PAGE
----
Seeing that itís October 10th 2008, the only news story from the world of miniature war gaming that most people care about is the release of Privateer Pressís new CMG Monsterpocalypse. For the past several years, Privateer Press has been doing quite well in taking on GW with their flagship game WARMACHINE and when Monsterpocaylpse was first announced, many people feared that Privateer Press could not handle two separate games. Today is the day we get to find out if they are up to the task.
If you are not familiar with the game, Monsterpocalypse is a Kajiu themed tabletop miniatures game. Giant monsters and robots battle for the control of cities while smaller support units, like tanks and aircraft, support the massive creatures. Currently there are six different factions. Some want to exploit or destroy the Earth while others seek to defend the planet. Each one is tied some stereotypical monster movie theme and features a wide array of special abilities and powers unique to the faction. Game playe generally involves two monsters facing off in a duel, while the support units seek to power up their respective monster by destroying enemy units and holding ground. While the monsters are significantly more powerful then the units, an interesting mechanic will ensure that the two types of figures will have to work together to ensure victory.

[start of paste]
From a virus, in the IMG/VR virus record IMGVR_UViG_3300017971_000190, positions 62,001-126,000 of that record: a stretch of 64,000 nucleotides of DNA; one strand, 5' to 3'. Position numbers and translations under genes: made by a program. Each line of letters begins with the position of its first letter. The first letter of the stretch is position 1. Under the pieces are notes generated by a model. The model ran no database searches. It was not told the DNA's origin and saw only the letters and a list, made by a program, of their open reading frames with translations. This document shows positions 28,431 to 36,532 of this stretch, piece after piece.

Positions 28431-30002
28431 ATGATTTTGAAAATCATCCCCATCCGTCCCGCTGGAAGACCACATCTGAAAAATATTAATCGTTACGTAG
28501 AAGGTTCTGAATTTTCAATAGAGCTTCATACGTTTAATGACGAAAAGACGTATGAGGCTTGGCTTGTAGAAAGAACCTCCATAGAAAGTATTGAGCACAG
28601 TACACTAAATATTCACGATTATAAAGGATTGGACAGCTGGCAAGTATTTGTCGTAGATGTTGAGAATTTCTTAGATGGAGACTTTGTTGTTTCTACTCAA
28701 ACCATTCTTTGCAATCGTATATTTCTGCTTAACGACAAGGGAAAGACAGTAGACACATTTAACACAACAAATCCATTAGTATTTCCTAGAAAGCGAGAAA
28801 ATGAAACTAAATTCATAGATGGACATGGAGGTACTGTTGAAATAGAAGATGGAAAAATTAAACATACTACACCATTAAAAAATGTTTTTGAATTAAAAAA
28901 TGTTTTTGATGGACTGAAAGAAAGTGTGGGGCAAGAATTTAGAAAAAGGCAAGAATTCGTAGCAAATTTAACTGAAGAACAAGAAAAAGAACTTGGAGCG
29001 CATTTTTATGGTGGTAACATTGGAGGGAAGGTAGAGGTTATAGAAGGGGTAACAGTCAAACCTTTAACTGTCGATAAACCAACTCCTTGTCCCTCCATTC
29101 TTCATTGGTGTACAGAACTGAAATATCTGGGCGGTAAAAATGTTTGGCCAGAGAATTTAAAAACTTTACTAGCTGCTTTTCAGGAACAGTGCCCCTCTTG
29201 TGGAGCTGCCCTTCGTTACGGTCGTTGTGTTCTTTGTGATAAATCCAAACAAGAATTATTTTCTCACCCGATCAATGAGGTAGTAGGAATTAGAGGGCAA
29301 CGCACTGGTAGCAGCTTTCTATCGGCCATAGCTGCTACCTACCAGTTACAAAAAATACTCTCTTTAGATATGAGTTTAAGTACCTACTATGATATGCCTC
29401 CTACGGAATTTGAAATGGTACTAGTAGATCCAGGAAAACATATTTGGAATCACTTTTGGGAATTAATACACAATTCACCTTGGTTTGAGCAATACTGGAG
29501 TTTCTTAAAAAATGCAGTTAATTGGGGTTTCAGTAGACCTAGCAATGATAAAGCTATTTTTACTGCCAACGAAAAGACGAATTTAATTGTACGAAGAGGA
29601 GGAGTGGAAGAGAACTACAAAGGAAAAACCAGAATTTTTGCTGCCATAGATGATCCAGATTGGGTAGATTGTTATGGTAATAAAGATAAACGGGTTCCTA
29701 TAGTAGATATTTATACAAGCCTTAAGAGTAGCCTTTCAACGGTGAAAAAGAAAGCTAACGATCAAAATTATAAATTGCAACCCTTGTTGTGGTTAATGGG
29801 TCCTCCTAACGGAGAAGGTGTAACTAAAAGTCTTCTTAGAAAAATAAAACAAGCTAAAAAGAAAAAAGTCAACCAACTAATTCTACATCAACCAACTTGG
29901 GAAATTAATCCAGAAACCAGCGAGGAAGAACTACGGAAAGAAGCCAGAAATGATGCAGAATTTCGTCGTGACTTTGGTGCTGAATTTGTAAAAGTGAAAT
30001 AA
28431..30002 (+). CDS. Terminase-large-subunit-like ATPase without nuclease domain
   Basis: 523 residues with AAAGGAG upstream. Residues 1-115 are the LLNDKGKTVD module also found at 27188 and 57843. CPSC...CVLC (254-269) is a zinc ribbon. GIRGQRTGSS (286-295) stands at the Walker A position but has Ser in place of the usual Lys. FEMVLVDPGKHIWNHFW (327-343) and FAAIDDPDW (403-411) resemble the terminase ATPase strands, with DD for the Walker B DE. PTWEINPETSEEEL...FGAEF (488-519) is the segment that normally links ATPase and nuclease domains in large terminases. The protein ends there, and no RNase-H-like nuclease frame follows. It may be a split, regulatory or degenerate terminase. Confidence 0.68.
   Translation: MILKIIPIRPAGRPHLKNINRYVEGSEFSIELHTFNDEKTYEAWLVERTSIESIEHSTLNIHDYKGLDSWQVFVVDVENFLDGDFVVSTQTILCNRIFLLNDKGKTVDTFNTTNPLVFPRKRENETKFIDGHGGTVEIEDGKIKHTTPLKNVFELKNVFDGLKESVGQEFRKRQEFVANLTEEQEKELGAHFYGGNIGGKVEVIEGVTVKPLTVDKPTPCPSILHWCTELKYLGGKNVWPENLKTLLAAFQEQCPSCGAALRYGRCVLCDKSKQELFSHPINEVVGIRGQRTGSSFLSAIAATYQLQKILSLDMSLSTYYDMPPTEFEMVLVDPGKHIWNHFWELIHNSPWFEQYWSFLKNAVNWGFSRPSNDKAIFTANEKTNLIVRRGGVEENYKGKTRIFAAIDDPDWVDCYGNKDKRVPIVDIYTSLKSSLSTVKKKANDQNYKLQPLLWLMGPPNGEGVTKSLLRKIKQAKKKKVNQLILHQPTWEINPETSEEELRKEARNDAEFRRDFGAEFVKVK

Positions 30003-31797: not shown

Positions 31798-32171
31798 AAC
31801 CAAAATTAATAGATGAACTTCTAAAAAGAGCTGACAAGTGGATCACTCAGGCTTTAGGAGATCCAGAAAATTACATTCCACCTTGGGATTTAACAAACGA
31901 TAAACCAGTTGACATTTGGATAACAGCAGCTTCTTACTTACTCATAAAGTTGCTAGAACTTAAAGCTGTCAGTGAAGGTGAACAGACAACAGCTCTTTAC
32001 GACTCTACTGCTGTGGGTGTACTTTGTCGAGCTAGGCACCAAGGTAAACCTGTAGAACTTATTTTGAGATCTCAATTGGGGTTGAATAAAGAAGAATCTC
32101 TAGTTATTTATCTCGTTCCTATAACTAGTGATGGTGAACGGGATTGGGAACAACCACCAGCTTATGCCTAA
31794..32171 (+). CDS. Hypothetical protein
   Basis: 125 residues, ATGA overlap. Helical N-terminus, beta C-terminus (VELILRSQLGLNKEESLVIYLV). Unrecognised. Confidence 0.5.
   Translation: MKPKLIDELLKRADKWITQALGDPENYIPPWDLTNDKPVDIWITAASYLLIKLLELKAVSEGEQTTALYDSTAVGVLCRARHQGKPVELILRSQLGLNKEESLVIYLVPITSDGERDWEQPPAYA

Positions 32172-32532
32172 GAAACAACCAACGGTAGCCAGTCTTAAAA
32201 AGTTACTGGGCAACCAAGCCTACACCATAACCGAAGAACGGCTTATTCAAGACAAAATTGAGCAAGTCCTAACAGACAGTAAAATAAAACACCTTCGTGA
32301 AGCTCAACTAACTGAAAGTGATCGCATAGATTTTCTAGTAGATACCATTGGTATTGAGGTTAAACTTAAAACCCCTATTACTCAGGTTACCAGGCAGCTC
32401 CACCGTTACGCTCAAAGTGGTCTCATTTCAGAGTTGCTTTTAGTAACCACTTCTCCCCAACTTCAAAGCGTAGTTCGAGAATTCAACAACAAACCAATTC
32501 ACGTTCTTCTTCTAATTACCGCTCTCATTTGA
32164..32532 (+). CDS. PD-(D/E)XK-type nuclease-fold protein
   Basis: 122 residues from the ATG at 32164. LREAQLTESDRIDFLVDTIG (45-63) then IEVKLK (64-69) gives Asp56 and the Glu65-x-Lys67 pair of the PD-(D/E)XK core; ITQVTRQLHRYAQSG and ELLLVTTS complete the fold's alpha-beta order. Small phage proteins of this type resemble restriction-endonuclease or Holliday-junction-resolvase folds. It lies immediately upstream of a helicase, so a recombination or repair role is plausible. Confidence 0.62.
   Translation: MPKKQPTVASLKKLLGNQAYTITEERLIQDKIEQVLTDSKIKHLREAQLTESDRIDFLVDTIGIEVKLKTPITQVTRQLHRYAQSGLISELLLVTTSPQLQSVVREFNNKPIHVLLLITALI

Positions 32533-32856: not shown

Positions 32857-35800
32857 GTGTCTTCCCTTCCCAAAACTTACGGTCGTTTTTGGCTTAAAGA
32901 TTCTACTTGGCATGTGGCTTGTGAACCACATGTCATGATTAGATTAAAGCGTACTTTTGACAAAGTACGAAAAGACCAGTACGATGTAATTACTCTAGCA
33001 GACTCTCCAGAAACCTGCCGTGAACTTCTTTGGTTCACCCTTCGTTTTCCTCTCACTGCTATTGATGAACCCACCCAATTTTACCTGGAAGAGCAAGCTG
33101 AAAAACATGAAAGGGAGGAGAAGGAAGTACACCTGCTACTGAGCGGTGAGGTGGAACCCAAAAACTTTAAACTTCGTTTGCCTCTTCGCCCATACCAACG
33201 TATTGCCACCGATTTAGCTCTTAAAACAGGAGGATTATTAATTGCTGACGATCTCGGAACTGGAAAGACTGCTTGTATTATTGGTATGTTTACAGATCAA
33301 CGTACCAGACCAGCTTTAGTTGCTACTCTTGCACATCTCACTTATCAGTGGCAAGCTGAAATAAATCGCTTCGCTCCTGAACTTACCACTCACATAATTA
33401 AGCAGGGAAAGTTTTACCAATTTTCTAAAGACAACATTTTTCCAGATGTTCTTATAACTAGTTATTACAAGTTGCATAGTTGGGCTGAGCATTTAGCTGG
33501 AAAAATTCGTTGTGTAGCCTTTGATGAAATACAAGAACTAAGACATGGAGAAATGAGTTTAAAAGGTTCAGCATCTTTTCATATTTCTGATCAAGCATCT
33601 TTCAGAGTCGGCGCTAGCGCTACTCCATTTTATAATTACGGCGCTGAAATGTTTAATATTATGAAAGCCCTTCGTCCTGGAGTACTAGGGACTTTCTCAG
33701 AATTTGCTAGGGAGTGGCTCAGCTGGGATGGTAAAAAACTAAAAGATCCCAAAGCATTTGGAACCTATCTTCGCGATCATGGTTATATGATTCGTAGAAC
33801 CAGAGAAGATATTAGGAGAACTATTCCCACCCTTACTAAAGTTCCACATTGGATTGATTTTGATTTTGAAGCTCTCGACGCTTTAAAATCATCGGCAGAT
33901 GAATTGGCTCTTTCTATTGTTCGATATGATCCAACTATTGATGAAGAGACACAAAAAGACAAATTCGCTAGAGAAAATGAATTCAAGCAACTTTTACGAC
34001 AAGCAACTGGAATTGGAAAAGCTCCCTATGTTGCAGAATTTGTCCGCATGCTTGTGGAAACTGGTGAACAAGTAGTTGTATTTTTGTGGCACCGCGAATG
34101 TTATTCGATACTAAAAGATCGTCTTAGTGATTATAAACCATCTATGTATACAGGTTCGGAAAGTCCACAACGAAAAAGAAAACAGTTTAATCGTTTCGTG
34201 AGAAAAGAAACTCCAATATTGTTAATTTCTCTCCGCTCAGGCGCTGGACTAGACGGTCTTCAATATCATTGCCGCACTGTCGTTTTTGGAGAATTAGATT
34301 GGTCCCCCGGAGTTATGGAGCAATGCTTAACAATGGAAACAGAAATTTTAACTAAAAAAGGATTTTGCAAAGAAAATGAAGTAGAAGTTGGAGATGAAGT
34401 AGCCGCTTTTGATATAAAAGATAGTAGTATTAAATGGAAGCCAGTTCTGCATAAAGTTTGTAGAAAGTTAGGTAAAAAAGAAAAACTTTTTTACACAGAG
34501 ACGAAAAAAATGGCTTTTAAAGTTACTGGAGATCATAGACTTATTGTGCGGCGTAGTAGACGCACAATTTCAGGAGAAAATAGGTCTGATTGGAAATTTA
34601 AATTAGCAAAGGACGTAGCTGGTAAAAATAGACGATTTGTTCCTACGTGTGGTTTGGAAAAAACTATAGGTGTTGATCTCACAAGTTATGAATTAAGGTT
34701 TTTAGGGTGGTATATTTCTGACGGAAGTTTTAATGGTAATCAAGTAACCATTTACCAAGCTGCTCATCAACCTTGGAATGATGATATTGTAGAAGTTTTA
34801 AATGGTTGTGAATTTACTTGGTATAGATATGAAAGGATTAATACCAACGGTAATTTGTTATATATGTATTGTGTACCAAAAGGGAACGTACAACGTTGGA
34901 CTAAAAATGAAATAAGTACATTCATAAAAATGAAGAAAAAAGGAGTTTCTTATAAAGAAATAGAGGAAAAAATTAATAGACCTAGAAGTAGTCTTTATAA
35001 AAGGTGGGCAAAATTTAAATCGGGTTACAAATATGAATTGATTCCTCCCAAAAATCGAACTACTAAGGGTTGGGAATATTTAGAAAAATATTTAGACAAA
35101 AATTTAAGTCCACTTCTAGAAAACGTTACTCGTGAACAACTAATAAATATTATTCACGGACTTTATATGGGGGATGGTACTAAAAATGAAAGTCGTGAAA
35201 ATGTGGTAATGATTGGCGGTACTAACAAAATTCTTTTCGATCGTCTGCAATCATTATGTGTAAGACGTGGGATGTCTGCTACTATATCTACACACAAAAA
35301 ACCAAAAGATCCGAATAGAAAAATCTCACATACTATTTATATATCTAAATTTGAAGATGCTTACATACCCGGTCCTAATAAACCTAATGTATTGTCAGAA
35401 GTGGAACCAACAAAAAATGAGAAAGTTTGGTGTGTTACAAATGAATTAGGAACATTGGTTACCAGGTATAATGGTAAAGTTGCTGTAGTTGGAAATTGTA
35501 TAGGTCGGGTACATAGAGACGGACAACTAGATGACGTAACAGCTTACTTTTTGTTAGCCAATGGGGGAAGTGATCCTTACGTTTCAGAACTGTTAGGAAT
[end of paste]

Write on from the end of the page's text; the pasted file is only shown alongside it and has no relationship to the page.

Monsterpocalypse is a collectible miniatures game and the product line features only several products. Single player starter sets retail for $25 and feature a random monster and its corresponding Hyper Form, four fixed units, two fixed buildings, a doubled sided map, and all the dice and tokens required for play. Players can then expand their armies by purchasing two types of boosters. One booster contains four random units and one random building and retails for $14. The other booster type features a random monster and its corresponding Hyper form and retails for $14. Several other products add additional maps and support materials. Based on the quantity of contents, the starter set is a nice deal, but the expansion boosters come in at a fairly steep price.
While I havenít had the time to play a game, Iíve had a decent look at the rules since they were released a while back. Monsterpocalypse is really focused on small monster duels. Only rules for one on one duels and two on two duels are included with the starter set and the maps are too small to allow for anything bigger. Army construction does not follow the typical point system and instead an army will feature a single monster and up to 15 units. Since the cost of a unit is not paid until itís deployed on the battlefield, opposing armies do not need to have the same number of units. While I like the idea of a simpler army construction method, I am concerned that Monsterpocalypse armies will be fairly rigid.
I really do need to reserve judgment until I can get in some game time. Look for a full review of this game on a future episode of The Tabletop Battlefield.